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Building a Solid Rocket Propulsion System

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jpwensley

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Hello all,

I am part of a team of engineering students that's looking to build our own solid rocket propulsion system. Our goal is to compete at the Space Port America cup in 2018. We're trying to decide if its at all feasible to build our own motor instead of buying one.
I'm looking for any feedback that would help us get started. Any tips from someone who has built a solid-rocket motor before or anything we should consider? Whats the best way to go about building it? Any resources you would recommend taking a look at?

Thanks
 

djs

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Hey,

What experience does your team have in building rockets? Motors? Do you have an experienced mentor that you're working with?

What end goal are you trying to achieve?
 

jpwensley

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Hey,

What experience does your team have in building rockets? Motors? Do you have an experienced mentor that you're working with?

What end goal are you trying to achieve?
Thanks for the reply!

Our team is fairly new. We competed last year in the 10k category. No one has experience actually building a rocket motor, so we're just trying to decide if its actually feasible to build one or to buy one. We don't have any mentors at this point.
Our goal is to design the rocket to go up to 30,000 feet. By building our own motor it would mean entering into a new category for the competition.
 

Bat-mite

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I do not believe it is feasible at your experience level within your time frame. You would need to read at least one book on motor-making, buy a mixer, vacuum pump, casting tubes and liners, chemicals, etc. You would need a test stand to measure thrust, BurnSim software to create a simulation, etc. IMO, best to focus on one goal at a time, in this case, the rocket.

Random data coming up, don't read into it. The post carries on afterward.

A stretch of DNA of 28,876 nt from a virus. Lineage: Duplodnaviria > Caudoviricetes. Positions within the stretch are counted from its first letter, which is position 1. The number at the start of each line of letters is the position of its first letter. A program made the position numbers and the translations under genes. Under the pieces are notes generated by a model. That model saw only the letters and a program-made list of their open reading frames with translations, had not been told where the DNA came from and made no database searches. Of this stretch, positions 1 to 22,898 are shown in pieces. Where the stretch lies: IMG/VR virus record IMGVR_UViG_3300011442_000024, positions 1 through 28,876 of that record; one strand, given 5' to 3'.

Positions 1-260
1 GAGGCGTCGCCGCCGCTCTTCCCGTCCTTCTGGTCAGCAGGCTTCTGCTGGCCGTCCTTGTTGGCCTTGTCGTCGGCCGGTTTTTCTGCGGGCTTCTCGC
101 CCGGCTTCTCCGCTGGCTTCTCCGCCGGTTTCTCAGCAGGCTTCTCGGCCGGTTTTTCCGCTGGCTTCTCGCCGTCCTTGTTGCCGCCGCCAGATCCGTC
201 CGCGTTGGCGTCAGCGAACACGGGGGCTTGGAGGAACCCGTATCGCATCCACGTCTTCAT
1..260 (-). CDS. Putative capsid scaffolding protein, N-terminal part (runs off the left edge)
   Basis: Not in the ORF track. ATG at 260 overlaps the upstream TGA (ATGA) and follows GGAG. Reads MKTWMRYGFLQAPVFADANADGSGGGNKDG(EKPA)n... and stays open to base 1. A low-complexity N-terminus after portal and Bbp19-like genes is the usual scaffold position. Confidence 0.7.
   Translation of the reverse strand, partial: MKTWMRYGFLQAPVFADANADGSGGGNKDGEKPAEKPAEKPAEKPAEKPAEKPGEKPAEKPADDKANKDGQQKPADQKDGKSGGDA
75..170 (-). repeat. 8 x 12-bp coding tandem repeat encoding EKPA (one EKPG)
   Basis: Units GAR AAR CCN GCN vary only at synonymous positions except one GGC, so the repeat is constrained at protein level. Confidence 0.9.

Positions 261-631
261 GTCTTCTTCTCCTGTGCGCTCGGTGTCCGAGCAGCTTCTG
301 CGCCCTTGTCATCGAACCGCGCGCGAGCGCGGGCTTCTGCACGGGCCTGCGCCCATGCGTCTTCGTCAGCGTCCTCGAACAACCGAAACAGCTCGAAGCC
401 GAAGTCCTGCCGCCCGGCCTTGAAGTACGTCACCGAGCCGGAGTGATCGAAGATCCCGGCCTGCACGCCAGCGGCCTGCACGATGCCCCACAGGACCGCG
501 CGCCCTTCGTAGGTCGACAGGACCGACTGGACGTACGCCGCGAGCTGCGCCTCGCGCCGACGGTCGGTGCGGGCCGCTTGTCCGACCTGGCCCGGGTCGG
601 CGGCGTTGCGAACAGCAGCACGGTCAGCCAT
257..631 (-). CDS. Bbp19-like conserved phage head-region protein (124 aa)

Propellant formulae, etc., can only be discussed on these forums in our restricted Research forum. To gain access, you must be NAR or TRA certified level 2 and a US citizen.
 

djs

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Agreed- without an experienced mentor in making propellant, you will be struggling quite a bit, and also putting yourselves in harms way.

My advice would be to start with a commercial motor, and build an airframe to work. Maximizing altitude to 30k would be a great accomplishment.

Btw- where are you located?
 

Bat-mite

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Btw- where are you located?
A very good question, because there are TRA prefectures all over the country with experienced research motor-makers that might enjoy mentoring a college team. Getting hooked up with a club would be very helpful!
 

jpwensley

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That's a very good point. We'll definitely have to look into that.

Thanks for the feedback
 

Steve Shannon

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Is it legal to bring a non commercial motor across the border?
When LDRS was in Canada we could not take motors north.

M

I don't believe that anyone could legally bring non-commercial motors into the USA from Canada. Certainly it would not be cost effective. It would be much easier to build a project around a commercial motor available in both the USA and Canada.
 

cherokeej

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He's in Vancouver.

As has been stated, you're wading into a mighty deep pond, son. Best advice is stick to the rocket design and build. Adding motor making to the mix at this point would be... Inadvisable.

Find a rocketry mentor, build something similar to a Mongoose 98, and fly one of the big moon-burners. That will get you north of 30K. Success there would be an accomplishment for a college team, in and of itself.

Good luck, up fast, down slow.
 
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